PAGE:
Many people associate stalking as something experienced only by those in the public eye – we read stories in the papers of a ‘crazed fan’ being found on a high-profile celebrity’s premises or trolling them online and sending unwanted messages.
Many would not associate stalking with something that would happen to ordinary people in their ordinary lives. However, according to the National Stalking Helpline, approximately 45% of people who contact them are being stalked by people they have previously been in a relationship with, while a further one third will have had some prior acquaintance with their stalker.
What is the definition of stalking?
There is currently no legal definition of stalking, though it is generally seen as behaviour which is persistent and unwanted, and which causes the victim to feel frightened, anxious and distressed. This persistent and unwanted behaviour can take many forms, including the following:-
- Following, observing and spying on someone.
- Non-consensual communication, such as repeated phone calls, emails, text messages, and unwanted gifts.
- Showing up uninvited at the victim’s home school, or work.
- Driving past the victim’s home or work.
- Burglary or robbery or criminal damage of the victim’s home, workplace, vehicle or other property.
- Threatening the victim, their family, or even pets with violence.
- Harassment of people associated with the victim (e.g. family members, partner, work colleagues).
- Physical and/ or sexual assault of the victim.
- Cyber stalking – i.e. conduct or communication via electronic devices which are intended to distress or harass the victim – for example, sending or leaving unsolicited material/gifts, graffiti, and/or messages on social networking sites.
How can I protect myself if I am being stalked?
Stalking was made a criminal offence in England and Wales in November 2012. In Northern Ireland, no legislation currently exists dealing specifically with stalking and making it a stand – alone criminal offence.
That is however soon to change as on 18th January 2021, Justice Minister Naomi Long introduced legislative proposals for a stand-alone Protection from Stalking Bill to the Northern Ireland Assembly. This will create a specific offence of stalking and include provision for the introduction of Stalking Protection Orders to Northern Ireland
Presently however, the law has some remedy in place to protect those who are being stalked or harassed. There are different options available for those who are being stalked by a family member and those being stalked by someone unknown or unrelated to them.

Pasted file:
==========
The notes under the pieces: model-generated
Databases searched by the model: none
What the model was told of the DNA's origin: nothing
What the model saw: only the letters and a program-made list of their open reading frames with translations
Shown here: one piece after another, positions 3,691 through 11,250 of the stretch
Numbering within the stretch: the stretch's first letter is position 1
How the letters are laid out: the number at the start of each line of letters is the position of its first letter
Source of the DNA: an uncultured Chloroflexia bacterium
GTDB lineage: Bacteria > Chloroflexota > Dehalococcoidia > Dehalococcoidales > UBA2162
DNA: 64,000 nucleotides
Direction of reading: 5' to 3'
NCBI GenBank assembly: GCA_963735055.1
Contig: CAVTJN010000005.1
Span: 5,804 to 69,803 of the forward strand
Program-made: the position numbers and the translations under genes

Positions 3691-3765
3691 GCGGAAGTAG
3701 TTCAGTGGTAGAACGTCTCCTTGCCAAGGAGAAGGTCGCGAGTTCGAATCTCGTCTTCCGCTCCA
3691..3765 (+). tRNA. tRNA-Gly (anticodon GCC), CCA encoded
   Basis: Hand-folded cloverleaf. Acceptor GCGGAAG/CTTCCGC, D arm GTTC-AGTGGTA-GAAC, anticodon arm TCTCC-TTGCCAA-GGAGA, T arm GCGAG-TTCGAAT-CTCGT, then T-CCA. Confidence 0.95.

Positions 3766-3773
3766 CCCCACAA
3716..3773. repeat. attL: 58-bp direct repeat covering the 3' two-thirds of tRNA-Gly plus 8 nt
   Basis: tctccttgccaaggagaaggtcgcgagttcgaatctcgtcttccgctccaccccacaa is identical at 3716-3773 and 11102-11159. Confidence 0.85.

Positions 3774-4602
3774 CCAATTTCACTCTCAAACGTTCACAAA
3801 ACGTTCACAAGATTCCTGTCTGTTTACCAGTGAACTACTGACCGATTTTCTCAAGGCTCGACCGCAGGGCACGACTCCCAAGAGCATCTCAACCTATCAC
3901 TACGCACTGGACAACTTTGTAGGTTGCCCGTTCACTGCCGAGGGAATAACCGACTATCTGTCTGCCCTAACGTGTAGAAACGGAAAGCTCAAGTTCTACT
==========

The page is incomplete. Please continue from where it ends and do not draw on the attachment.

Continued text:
- Civil Injunction
The Protection from Harassment Order (NI) 1997 provides a victim with the ability to apply to the Court for a Civil Injunction against their stalker. This remedy can be used where the victim and perpetrator are not related to one another via blood or marriage and indeed even if the perpetrator is not known to the victim.
A Civil Injunction, if granted, stops a person from harassing, assaulting, molesting or otherwise interfering with the victim, including restraining that person from being able to communicate or contact the victim and, in some cases, prohibiting them from being able to enter a certain property or area.
In order to make an application for a Civil Injunction, there must be evidence of two separate incidents of harassment. It is therefore important that any incident of harassing or threatening behaviour is logged with the Police.
Civil Injunctions can be applied for on an emergency basis without the perpetrator being notified and dependant on a victim’s income, they may be entitled to Legal Aid assistance.
- Non-Molestation Order
Under the Family Homes and Domestic Violence Order (NI) 1998, if a victim and the perpetrator are deemed to be ‘associated persons’, then the victim has the option of applying for a Non-Molestation Order against the perpetrator. In general terms, the parties are deemed to be ‘associated persons’ if they are family members, have lived together in a familial relationship or have a child together.
If a Non-Molestation Order is granted by the Court, the perpetrator cannot molest, harass, pester, use or threaten violence against the victim. It means that they cannot harass the victim directly (in person, by text, phone, email or social media) and they also cannot get someone else to harass them on their behalf.
The Court can also grant a victim an Occupation Order if they live with the perpetrator or if the perpetrator has some right to reside in their home (for example, if they are on the tenancy agreement or a joint owner). If the Court grants an Occupation Order, this means that the perpetrator they can be removed from the home and barred from returning to it.
The Court can also make an exclusion zone, excluding the perpetrator from a particular place, for example from the street in which the victim lives or the place they work.
Non-Molestation and Occupation Orders can be made on an emergency basis if there has been a recent incident of abuse (usually within the past 7 days). Some Legal Aid assistance is available to anyone applying for these Orders.
If you are the victim of stalking or harassment, you should contact the Police as soon as possible and report this behaviour and also seek legal advice on obtaining protection from the Courts. There are organisations available to provide such support, such as the Domestic and Sexual Violence helpline (0808 8021414) Women’s Aid, the Men’s Advisory Project and The Rainbow Project. With the help of the police, legal system and support services, you do not have to suffer in silence. With the right advice and support, you can put an end to the harassment you are suffering and move forward to a happier and healthier life.
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